Электронный научный журнал
Международный студенческий научный вестник
ISSN 2409-529X

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For any business, the cost of transportation is normally the largest single item in the overall cost of physical distribution. It doesn’t necessarily follow, though, that a manufacturer should simply pick the cheapest available form of transportation. Many companies today use the total physical distribution concept, an approach that involves maximizing the efficiency of physical distribution activities while minimizing their cost. Often, this means that the company will make cost tradeoffs between the various physical distribution activities. For instance, air freight may be much more expensive than rail transport, but a national manufacturer might use air freight to ship everything from a single warehouse and thus avoid the greater expense of maintaining several warehouses. When a firm chooses a type of transportation, it has to bear in mind its other marketing concerns – storage, financing, sales, inventory size, and the like. Transportation, in fact, can be an especially important sales tool. If the firm can supply its customers’ needs more quickly and reliably than its competitors do, it will have a vital advantage: so it may be more profitable in the long rub to pay higher transportation costs, rather than risk the loss of future sales.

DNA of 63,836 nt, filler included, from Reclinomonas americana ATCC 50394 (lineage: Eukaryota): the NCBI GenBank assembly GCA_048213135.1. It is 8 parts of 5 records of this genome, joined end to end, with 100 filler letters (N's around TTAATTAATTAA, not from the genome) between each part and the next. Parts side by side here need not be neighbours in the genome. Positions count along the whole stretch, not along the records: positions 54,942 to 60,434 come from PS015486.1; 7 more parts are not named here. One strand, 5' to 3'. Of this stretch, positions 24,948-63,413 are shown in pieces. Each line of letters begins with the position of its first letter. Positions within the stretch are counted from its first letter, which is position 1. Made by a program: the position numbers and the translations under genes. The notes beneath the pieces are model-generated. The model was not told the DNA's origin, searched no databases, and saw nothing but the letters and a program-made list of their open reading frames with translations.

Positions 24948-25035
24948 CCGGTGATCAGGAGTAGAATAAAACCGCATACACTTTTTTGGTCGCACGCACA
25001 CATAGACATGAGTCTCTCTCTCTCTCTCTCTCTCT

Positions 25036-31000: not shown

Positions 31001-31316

In addition, speedy delivery is crucial, in same industries. A mail-order distributor sending fruit from Oregon to Pennsylvania needs the promptness of air freight. On the other hand, manufacturer shipping lingerie from New York to Massachusetts may be perfectly satisfied with slower (and cheaper) truck or rail transport.